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Cibelle

Voodoo Rooms, Edinburgh
4 stars
There’s a big green plant at the front of the stage and a ladder on the side. Holding court in the centre is a curly-haired woman sporting hooped ear-rings and a PVC pinny with a kilt printed on. Welcome to the multi-coloured world of Cibelle (pronounced See-Bel-Eee), a Brazilian chanteuse currently residing in Dalston, who’s been tipped, alongside Portishead and Bjork, as one of the three most important live acts to catch this year.

Cibelle may not have the pulling power of such contemporaries, but she’s certainly got the edge. Building up each song via an array of live loops, one minute she’s swaying gently with Stylophone-led tales of coconuts and cocktails, the next she’s moved onto the altogether kookier new single and anti-Botox ode, White Hair. Inbetween a Portuguese number, she’s clutching onto the plant as she coos Kermit The Frog’s identity-crisis lament, It’s Not Easy Bein’ Green. Given the Animal-like appearance of the drummer bashing out crisp funk accompaniment (with and without the ladder) alongside a cherub-faced guitarist, this is oddly appropriate.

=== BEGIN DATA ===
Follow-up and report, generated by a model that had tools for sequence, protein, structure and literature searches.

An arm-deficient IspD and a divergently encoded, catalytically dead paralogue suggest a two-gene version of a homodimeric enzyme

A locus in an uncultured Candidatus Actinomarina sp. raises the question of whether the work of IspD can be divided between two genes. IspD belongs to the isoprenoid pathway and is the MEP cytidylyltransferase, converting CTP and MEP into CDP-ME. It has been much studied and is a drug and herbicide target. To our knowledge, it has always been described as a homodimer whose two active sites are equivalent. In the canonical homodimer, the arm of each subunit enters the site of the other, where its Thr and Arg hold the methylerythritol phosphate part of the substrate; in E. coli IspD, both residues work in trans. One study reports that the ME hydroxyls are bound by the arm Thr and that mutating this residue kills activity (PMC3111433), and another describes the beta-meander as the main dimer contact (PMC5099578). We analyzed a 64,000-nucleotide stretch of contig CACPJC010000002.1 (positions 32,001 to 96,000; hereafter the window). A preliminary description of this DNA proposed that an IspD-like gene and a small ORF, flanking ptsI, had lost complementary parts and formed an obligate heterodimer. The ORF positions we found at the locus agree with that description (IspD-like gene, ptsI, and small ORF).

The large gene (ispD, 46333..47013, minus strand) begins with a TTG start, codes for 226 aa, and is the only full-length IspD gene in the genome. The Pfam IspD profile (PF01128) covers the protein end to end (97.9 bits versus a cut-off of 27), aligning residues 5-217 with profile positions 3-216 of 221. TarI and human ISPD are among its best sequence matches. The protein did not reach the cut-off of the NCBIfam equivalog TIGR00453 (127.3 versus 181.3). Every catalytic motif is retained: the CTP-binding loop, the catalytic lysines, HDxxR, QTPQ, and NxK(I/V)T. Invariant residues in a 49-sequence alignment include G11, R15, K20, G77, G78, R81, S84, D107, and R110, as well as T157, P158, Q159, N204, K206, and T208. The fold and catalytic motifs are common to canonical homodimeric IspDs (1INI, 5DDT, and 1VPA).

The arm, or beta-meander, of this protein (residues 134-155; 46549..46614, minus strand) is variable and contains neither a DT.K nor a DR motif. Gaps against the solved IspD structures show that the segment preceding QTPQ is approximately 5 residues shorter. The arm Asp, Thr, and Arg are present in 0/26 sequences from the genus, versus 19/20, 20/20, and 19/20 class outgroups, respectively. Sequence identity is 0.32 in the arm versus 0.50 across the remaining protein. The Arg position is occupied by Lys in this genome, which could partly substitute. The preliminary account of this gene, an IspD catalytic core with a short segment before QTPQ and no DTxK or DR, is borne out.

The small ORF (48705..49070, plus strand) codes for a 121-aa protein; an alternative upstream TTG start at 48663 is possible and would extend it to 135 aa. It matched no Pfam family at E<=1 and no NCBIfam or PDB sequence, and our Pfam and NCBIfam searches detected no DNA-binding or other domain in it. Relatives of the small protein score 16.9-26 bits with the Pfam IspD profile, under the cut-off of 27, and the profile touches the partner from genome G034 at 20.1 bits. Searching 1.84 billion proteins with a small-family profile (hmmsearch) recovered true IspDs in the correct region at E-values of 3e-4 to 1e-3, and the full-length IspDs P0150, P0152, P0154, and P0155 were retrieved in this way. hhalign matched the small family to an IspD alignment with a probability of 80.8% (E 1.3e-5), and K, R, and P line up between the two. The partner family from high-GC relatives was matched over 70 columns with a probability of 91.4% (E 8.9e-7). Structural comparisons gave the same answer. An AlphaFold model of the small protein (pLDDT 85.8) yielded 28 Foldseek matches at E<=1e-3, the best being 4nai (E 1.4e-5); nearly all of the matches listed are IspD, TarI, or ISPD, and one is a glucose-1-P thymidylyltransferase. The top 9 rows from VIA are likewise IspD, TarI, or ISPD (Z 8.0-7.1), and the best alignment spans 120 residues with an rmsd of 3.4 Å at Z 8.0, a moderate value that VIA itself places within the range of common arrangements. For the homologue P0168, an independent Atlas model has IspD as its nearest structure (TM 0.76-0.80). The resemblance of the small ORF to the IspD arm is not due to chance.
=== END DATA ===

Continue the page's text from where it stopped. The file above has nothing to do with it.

If anyone was expecting something more middle-brow, this may have something to do with 2007 album, The Shine Of Dead Electric Leaves, which featured hirsute new folk guru Devendra Banhart, and was co-produced by Air’s Yann Arnaud. In truth, Cibelle could probably earn a crust crooning wine bar standards and coffee-table soundtracks. Beyond the cartoonish demeanour, however, there’s a serious, more interesting artist at play, with shades of Ludus at their rawest or the trippier end of One Dove. By rights the entire room should be dancing like it’s 1981. Once the world catches up with Cibelle, it will be.

The Herald, September 23rd 2008

ends

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